I initially gained an interest in veterinary physiotherapy from a young age when two of my competition horses went lame with similar problems but completely different presentations. Vega (my young mare) did her best to plough on and handle it, whereas Horse (yes, that is his name) created as though his leg had been cut off. Watching a vet examine them both for reasons behind their lameness, he was able to see straight past their individual ‘interpretations’. I was intrigued to know what he could see that I couldn’t, how he noticed the slightest 'odd’ movements which altered from being lunged to being ridden, and from hard ground to soft. The ability to look at a horse and not only appreciate it for what it is, but also see how the musculo-skeletal system works and how this affects performance, and how to improve this performance, is something that captivates me. Now, as a qualified veterinary physiotherapist working alongside veterinary surgeons to optimise their prescriptions, it is great to see the difference that physiotherapy can make to any animal.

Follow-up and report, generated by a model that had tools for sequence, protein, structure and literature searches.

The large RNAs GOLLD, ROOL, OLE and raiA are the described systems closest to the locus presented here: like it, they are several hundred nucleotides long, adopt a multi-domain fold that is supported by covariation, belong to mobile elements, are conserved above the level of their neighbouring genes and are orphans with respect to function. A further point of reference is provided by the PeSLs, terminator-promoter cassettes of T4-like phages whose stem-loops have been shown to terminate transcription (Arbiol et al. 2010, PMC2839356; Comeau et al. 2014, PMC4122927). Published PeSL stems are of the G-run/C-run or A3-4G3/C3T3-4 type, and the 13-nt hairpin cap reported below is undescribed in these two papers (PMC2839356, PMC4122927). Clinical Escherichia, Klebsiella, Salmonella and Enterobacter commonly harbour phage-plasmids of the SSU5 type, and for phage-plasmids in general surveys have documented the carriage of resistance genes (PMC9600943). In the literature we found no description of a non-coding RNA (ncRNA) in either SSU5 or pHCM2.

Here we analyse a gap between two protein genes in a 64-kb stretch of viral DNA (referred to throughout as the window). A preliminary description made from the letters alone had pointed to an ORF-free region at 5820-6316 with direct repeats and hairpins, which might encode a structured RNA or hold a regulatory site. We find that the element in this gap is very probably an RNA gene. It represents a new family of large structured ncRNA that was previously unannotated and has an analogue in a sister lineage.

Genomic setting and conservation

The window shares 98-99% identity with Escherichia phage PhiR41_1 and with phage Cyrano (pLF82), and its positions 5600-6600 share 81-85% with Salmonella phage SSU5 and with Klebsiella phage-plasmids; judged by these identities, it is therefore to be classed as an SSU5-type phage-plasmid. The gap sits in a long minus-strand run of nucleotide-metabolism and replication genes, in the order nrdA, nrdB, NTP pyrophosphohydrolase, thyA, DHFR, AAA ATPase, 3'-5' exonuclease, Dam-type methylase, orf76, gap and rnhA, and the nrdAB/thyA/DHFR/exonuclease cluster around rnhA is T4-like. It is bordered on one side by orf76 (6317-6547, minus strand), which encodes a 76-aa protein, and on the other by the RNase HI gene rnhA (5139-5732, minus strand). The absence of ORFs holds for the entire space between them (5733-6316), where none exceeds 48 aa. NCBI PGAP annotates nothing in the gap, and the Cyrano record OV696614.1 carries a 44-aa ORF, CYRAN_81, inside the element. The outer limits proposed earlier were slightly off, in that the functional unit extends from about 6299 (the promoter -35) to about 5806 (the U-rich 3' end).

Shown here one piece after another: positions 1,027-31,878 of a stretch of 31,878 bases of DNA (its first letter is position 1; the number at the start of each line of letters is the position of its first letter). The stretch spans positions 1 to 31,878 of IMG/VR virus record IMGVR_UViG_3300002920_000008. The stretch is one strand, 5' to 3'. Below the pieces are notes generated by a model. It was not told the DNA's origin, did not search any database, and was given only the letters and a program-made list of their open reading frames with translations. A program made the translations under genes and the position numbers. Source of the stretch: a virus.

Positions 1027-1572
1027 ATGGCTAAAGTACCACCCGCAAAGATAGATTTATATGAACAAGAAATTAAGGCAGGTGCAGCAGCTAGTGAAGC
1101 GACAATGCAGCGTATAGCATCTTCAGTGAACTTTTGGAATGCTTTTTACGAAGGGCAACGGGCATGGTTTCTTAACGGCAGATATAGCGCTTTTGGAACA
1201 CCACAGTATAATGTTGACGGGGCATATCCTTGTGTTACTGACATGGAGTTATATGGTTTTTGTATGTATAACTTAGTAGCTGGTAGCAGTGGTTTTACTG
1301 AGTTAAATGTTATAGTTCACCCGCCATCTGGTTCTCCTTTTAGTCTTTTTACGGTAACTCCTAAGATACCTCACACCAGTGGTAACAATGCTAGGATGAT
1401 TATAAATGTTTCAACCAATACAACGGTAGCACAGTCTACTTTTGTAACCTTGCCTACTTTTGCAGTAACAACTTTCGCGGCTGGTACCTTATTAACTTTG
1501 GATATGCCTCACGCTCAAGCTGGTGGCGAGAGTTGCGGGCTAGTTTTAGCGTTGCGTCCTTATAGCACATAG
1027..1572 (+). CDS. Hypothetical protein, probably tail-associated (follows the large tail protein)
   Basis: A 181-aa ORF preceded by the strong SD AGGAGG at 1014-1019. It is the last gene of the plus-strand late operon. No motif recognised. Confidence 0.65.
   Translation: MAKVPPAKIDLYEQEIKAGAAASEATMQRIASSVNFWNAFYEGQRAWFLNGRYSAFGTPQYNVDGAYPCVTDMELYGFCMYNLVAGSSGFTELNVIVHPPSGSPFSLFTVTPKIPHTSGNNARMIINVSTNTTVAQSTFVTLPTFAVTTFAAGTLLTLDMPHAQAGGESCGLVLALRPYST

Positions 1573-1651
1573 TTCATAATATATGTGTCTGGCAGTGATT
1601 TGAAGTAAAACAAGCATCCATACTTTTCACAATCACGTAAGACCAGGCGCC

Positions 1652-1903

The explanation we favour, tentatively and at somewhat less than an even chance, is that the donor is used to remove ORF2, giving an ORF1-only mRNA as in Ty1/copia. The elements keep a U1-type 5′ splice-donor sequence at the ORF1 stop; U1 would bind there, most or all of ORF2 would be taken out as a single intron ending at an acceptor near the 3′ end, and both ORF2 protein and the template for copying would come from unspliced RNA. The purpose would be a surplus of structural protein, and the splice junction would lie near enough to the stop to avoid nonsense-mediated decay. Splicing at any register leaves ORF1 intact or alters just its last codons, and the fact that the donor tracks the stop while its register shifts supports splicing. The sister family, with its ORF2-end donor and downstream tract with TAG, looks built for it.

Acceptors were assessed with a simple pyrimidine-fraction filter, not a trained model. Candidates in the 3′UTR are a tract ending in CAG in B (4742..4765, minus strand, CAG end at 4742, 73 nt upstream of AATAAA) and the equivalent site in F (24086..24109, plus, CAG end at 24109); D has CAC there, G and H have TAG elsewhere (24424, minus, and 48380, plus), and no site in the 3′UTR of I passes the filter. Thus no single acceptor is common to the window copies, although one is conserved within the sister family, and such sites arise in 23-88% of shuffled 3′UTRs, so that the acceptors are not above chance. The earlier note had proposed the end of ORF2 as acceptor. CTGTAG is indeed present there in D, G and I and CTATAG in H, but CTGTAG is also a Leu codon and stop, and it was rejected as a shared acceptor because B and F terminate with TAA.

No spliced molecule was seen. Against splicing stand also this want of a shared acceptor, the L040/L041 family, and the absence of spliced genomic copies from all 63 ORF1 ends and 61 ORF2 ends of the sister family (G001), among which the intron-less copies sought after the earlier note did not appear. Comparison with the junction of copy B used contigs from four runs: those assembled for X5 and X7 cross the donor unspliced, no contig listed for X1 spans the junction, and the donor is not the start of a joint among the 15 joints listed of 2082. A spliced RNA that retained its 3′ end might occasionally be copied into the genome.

Prior to qualifying as a veterinary physiotherapist I have worked on a number of yards, from hunting to competition and gained a world of experience in an array of disciplines. Through owning and working with animals I have, among other things, rehabilitated tendon injuries in horses, managed and worked around multiple injuries and surgeries in dogs, and even rehabilitated my cat who had nerve damage when she was ran over by a car.
After achieving a first class honours degree in business management I decided to pursue veterinary physiotherapy as a career and gained a post graduate degree in veterinary physiotherapy from the University of Nottingham.
I now work with a variety of horses and dogs in a number of disciplines; from top level competition horses, to companion animals. Having worked with animals my whole life I have the experience to handle various different temperaments in a number of environments.
As a veterinary physiotherapist animal welfare is my upmost priority and I aim to achieve the best possible results in every case I work with. To do this I maintain a current knowledge by attending numerous clinics and conferences throughout the year.
When I am not working I am kept busy by my three dogs, Pickle (who you will often see on the passenger seat of my car), Arnie and Charlie, and working with my own horses or competing at BE.